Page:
The movie “Betting on Zero” could open door at Herbalife
Steve’s breakdown: Who knows how Herbalife will fair now that this movies premiered at the Tribeca Film Festival. It charges Herbalife is a scam and took the money of unsuspecting emigrants. Either way, they should be thinking about all outgoing communications.
LOS ANGELES, CA: Bill Ackman was so sure that his presentation on Herbalife Ltd. in July 2014 would reveal the company to be an illegal operation and crush its shares that he scoffed at preparing for the alternative.
“The stock is not going up — it’s a certainty,” Ackman says to an adviser about half an hour into a documentary on his three-year saga to take down the nutritional-supplement company. “The question is if it opens again.”
Ackman was wrong, of course. Herbalife shares surged after the billionaire’s presentation failed to scare off investors. This is a scene from “Betting on Zero,” which lays out the twists and turns of the battle between Ackman and Herbalife — the multilevel-marketing company that he targeted with a $1 billion short bet and vowed to shut down. The hedge fund manager says it’s a global pyramid scheme that swindles people. Herbalife has aggressively denied that, saying it provides good nutrition and an economic opportunity to millions.
The film, which premieres on Thursday night at the Tribeca Film Festival in New York, casts fresh scrutiny on Herbalife and its business practices. There are no major new revelations or allegations, but it turns the story into digestible viewing for a mainstream audience. The movie, which was previewed by Bloomberg News, is the brainchild of director Ted Braun, whose other feature film is “Darfur Now” — a documentary about the bloodshed in Sudan.
The film was made and funded without the help of Ackman or his hedge fund, Pershing Square Capital Management, Braun said. He declined to say how much it cost to make. Braun did get access to Ackman, conducting interviews and capturing him backstage at one of his presentations and speaking at a church in Chicago. He said he used material that Pershing Square has made public and found the alleged victims of the nutrition company on his own. Christine Richard, a former journalist who has been a paid investigator of Pershing Square’s and an Herbalife critic, also appears in the documentary. Richard previously worked for Bloomberg News.
“Ackman participated in the film, but he had absolutely nothing to do with the financing,” Braun said.
A representative for Pershing Square reiterated that Ackman and the company didn’t have any role in making or funding the film. Herbalife disputed that notion, saying in a statement that Ackman had hijacked the movie and turned it into an “infomercial.” Neither Herbalife nor Pershing Square has seen the film.
In creating the documentary, Braun met with Herbalife Chief Executive Officer Michael Johnson twice, but the businessman declined to go on camera. Braun said he spent a year unsuccessfully trying to get Herbalife to participate. He also said he asked several Herbalife distributors and other supporters, including billionaire investor Carl Icahn, to be involved. None agreed.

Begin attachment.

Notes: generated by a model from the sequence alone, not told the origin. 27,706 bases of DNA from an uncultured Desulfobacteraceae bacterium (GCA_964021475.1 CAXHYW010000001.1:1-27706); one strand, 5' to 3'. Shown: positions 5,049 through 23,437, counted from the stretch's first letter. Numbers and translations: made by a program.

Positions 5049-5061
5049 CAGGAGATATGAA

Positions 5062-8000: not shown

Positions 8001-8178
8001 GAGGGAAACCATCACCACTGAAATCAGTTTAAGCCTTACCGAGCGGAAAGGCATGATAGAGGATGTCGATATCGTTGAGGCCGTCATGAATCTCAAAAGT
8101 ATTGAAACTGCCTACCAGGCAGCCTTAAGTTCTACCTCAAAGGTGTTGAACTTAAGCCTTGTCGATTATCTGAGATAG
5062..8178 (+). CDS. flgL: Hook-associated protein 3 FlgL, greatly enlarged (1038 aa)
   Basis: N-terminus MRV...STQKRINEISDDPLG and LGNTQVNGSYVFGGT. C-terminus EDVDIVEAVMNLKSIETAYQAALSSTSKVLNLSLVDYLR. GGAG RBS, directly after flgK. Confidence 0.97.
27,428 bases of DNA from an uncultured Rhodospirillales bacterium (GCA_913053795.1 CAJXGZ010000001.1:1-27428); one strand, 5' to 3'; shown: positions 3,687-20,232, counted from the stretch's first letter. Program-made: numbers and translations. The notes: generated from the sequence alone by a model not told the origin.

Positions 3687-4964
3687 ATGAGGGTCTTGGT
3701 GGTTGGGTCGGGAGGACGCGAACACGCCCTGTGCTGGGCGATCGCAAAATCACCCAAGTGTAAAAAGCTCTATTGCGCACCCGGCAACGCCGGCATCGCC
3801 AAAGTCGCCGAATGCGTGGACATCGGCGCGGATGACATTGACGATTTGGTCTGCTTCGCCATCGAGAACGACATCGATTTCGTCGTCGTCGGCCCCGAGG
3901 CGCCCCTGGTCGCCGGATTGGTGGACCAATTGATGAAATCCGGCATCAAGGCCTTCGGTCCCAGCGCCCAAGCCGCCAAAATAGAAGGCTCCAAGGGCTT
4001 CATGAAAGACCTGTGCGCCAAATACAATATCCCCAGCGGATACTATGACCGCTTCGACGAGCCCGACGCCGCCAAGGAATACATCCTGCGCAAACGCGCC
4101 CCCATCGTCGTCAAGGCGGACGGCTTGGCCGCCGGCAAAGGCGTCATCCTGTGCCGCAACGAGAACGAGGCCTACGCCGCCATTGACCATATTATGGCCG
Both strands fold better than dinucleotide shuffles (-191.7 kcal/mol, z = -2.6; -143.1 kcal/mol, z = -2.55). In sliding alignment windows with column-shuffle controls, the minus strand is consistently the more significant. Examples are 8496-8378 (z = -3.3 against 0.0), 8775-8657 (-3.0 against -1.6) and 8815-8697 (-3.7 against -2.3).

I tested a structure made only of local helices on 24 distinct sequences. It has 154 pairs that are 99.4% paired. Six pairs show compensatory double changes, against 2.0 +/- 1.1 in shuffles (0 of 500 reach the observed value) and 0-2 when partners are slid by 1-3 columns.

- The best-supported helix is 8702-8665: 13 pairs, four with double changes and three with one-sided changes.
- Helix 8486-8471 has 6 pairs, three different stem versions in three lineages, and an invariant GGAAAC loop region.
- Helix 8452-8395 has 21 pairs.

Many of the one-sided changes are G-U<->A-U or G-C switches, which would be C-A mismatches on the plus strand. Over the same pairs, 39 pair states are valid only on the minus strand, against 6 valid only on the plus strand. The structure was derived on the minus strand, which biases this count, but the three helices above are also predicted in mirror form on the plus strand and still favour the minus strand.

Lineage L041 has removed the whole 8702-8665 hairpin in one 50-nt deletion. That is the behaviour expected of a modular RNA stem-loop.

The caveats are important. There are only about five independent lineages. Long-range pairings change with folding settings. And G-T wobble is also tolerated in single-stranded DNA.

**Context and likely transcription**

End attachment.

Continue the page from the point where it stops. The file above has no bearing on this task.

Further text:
“I don’t have an agenda for the film as far as the outcome,” Braun said in an interview. “I hope it will stimulate a conversation about multilevel-marketing companies, about short selling and government regulation.”
“Betting on Zero” doesn’t have a distributor yet. That means its impact on Herbalife, which is being investigated by the U.S. Federal Trade Commission, depends on who buys it and how widely it gets shown.
The film uses media clips and original footage to track the rise of Herbalife under Johnson and Ackman’s public barrage, which began in December 2012. It chronicles Icahn becoming an Herbalife investor and his public spat with Ackman, the FTC probeand the company’s founding by Mark Hughes. The documentary also explains short selling and Herbalife’s business model of using independent distributors — a cornerstone of multilevel-marketing firms. Short sellers aim to profit from a declining stock by borrowing shares, selling them and then buying them back at a lower price.
The most negative part for Herbalife might be the profiles of alleged Latino victims in Chicago. There’s also a former Herbalife distributor from Oklahoma, a white college graduate who opens a handful of nutrition clubs. He says he eventually realized that he was going to keep losing money and describes Herbalife as a pyramid scheme. He then explains how he quits Herbalife and survives by turning the retail spaces he’s rented into vape shops.
The picture of Ackman is mixed. The film rehashes attacks from Icahn, who invested in Herbalife after Ackman publicly shorted the stock. It also uses critiques from Herbalife executives made during television appearances. William Cohan, a contributor to Vanity Fair and Bloomberg Television, describes Ackman as arrogant and driven, with a mastery of exploiting the media for his own gain.
The film focuses on the feud between Ackman and Johnson. They square off at the beginning of the movie, and it ends with a back-and-forth sequence that includes Ackman saying at one of his public presentations that Johnson is “a predator” running a “criminal enterprise.” Then the film cuts to Johnson saying that Ackman “only cares about being the richest man in the world, and to me that’s a very sad, sad pursuit.”
After spending almost three years making the movie, Braun declined to weigh in on who is right.
“I’ve taken the path of an independent, thoughtful, nonaligned documentary perspective,” Braun said. “For me to say at this point whether it’s a pyramid scheme or not would blow that out of the water. Ultimately, the Federal Trade Commission will determine an answer to that.”